Fact Box: Cobra Lily

The rare cobra lilies scientifically known as Arisaema translucens has been rediscovered in the western Nilgiris by nature enthusiasts K.M. Prabhu Kumar and Tarun Chhabra after a gap of 84 years. One species of the lilies were found in Thia Shola while the other was spotted in the Pennant Valley forest area of the Nilgiris. It was last collected by E. Barnes in 1932 and described by C.E.C Fischer in 1933.

Salient features

The cobra lilies have a distinctive translucent spathe. The indigenous Toda tribals of Nilgiris are capable of predicting the early arrival of monsoon from the blooming of the cobra lily’s ‘translucens’. The Toda tribals have an embroidery motif called ‘podwarshk’ resembling the cobra lilies.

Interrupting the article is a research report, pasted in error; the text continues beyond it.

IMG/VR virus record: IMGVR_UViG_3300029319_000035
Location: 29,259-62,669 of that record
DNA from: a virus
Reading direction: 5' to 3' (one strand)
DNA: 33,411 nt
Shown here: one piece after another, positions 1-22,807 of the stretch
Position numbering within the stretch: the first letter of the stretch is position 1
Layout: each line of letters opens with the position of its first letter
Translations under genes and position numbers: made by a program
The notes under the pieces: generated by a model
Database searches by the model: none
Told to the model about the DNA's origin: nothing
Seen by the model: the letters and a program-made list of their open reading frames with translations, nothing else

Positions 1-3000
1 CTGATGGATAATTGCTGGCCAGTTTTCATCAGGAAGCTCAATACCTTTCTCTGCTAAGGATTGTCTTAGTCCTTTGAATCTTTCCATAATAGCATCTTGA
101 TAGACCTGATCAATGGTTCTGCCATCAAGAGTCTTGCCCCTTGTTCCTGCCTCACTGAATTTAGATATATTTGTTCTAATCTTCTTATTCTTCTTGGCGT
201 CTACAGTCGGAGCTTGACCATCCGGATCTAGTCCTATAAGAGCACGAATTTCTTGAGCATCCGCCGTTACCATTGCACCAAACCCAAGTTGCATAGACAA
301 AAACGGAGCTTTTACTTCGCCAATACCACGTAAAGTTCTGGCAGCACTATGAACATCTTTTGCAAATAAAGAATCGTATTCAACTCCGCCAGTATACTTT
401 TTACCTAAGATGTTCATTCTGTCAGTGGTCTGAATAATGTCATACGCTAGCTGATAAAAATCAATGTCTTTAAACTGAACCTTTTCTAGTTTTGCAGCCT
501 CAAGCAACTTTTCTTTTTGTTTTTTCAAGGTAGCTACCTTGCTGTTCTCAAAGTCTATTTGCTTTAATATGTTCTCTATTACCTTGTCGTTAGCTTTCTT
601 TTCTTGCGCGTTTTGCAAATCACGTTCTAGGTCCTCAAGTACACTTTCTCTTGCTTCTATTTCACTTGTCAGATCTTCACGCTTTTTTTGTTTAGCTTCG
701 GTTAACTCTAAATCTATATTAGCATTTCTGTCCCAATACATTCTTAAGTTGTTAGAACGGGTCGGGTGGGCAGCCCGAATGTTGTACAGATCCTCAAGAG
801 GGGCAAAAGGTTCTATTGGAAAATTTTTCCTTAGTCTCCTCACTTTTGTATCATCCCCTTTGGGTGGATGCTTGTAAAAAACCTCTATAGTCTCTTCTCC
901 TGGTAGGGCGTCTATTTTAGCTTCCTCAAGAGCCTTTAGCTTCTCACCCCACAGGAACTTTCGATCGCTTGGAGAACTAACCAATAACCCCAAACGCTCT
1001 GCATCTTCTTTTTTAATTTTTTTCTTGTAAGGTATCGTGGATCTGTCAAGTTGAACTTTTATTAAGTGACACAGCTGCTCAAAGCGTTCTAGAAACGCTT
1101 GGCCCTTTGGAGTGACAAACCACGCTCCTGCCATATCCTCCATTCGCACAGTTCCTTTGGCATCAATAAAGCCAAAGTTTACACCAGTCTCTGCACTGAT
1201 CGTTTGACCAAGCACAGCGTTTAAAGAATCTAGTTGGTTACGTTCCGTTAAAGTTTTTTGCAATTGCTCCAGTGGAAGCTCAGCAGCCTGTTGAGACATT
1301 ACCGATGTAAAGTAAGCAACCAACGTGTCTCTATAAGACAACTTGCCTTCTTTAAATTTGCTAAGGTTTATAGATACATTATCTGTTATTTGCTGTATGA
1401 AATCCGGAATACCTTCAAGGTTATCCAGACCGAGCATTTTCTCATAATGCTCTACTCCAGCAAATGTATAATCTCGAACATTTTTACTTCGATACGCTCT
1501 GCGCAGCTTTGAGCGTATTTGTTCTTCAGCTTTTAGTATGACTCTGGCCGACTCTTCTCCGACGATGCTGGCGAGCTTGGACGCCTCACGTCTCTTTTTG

It is estimated that only a few hundred cobra lily plants are found in the wild that too in a very small area measuring less than 10 square kilometres in the Nilgiris. Of the lilies present in the Nilgiris, only two are endemic. These lilies are found in shola tree patches. Along with the disapperance of the Shola tree patches, the lilies too have disappeared in the past few decades.
The plant prized for its beauty around the world are at greater risk of extinction from the commercial trade in exotic plants.



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